It's hard for country music star Kellie Pickler to put her finger on what she misses most about her late grandmother. Whether they were whispering secrets to one another or cheering for contestants on "The Price is Right," the duo was inseparable—best friends, in fact—throughout Pickler's life until her grandmother's death nearly eight years ago. Her absence has left a hole in the singer's heart that no amount of success, awards, or top–10 hits will ever fill.
Today has been a particularly trying day for Pickler. An all-day photo shoot and a string of interviews has left the singer, known as much for her bubbly, happy-go-lucky attitude as for her remarkable voice, raspy and exhausted. But hearing a single mention of hard rock (She's a huge fan: "I loooove rock music," she gushes contagiously, in her sweet Southern drawl. "Oh, I love it.") or her beloved grandparents, and she perks right up.
The close relationship she's had with her grandparents isn't coincidental. She was raised by Clyde and Faye Pickler, her paternal grandparents, on and off throughout her life, in their hometown of Albemarle, N.C. Now 21, the singer—a finalist on season five of Fox TV's popular "American Idol" competition—is an advocate for grandparents raising grandchildren.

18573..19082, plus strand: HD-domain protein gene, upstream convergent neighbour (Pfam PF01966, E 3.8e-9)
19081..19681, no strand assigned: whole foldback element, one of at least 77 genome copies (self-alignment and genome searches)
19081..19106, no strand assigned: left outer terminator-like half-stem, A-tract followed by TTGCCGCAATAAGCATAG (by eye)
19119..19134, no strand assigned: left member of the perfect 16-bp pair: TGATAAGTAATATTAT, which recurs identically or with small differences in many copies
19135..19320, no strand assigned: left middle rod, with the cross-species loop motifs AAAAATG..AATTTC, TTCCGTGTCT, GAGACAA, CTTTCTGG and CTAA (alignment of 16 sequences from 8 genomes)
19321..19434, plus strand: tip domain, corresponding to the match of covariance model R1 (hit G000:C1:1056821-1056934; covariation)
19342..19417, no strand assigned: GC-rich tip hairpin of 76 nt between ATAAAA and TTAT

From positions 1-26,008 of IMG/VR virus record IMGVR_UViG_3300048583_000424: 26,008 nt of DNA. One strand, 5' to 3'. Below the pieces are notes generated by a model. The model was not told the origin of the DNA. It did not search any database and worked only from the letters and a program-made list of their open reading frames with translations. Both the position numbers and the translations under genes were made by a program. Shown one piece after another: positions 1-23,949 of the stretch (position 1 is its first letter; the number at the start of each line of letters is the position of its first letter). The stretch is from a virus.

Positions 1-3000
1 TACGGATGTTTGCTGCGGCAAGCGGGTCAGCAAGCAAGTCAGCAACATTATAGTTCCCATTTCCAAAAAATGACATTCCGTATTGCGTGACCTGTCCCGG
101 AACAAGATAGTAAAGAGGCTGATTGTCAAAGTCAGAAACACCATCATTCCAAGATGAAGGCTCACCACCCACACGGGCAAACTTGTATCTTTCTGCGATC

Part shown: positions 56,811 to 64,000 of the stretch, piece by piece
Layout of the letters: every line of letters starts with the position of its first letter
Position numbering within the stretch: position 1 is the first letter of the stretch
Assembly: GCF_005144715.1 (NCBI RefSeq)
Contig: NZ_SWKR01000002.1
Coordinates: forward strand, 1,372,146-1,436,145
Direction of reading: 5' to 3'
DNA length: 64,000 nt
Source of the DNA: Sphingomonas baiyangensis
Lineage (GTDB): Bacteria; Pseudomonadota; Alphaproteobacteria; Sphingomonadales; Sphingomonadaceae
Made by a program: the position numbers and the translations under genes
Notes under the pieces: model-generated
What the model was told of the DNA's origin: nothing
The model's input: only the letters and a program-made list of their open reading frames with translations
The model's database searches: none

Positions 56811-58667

The Pickler family is not alone: Between 1990 and 2000, there was a 30-percent jump in the number of children living in grandparent-headed households.
Since she burst into the spotlight two years ago, Pickler—who performed at the third National GrandRally on Capitol Hill, cosponsored by AARP—has never kept her troubled childhood a secret. Instead, she's become a role model for children in non-traditional families, and now, for grandparents raising grandchildren in a world that seems to change faster every day.
"Hey everybody!" she shouts in a singsong voice—looking every bit the pop star, from her blond hair and sunglasses down to her trademark red high heels (the namesake of her first hit single "Red High Heels")—as she takes the GrandRally stage. "How we all doin' today?"
The crowd cheers as she sits down on a stool among her longtime backup musicians.
"I have been very blessed," she tells the sun-soaked sea of grandparents and grandfamilies. "God has given me so much. My grandparents are the best thing that ever happened to me."
"It's sad that you grandparents don't get the credit you deserve," she says before breaking out into song. "You guys rock!"
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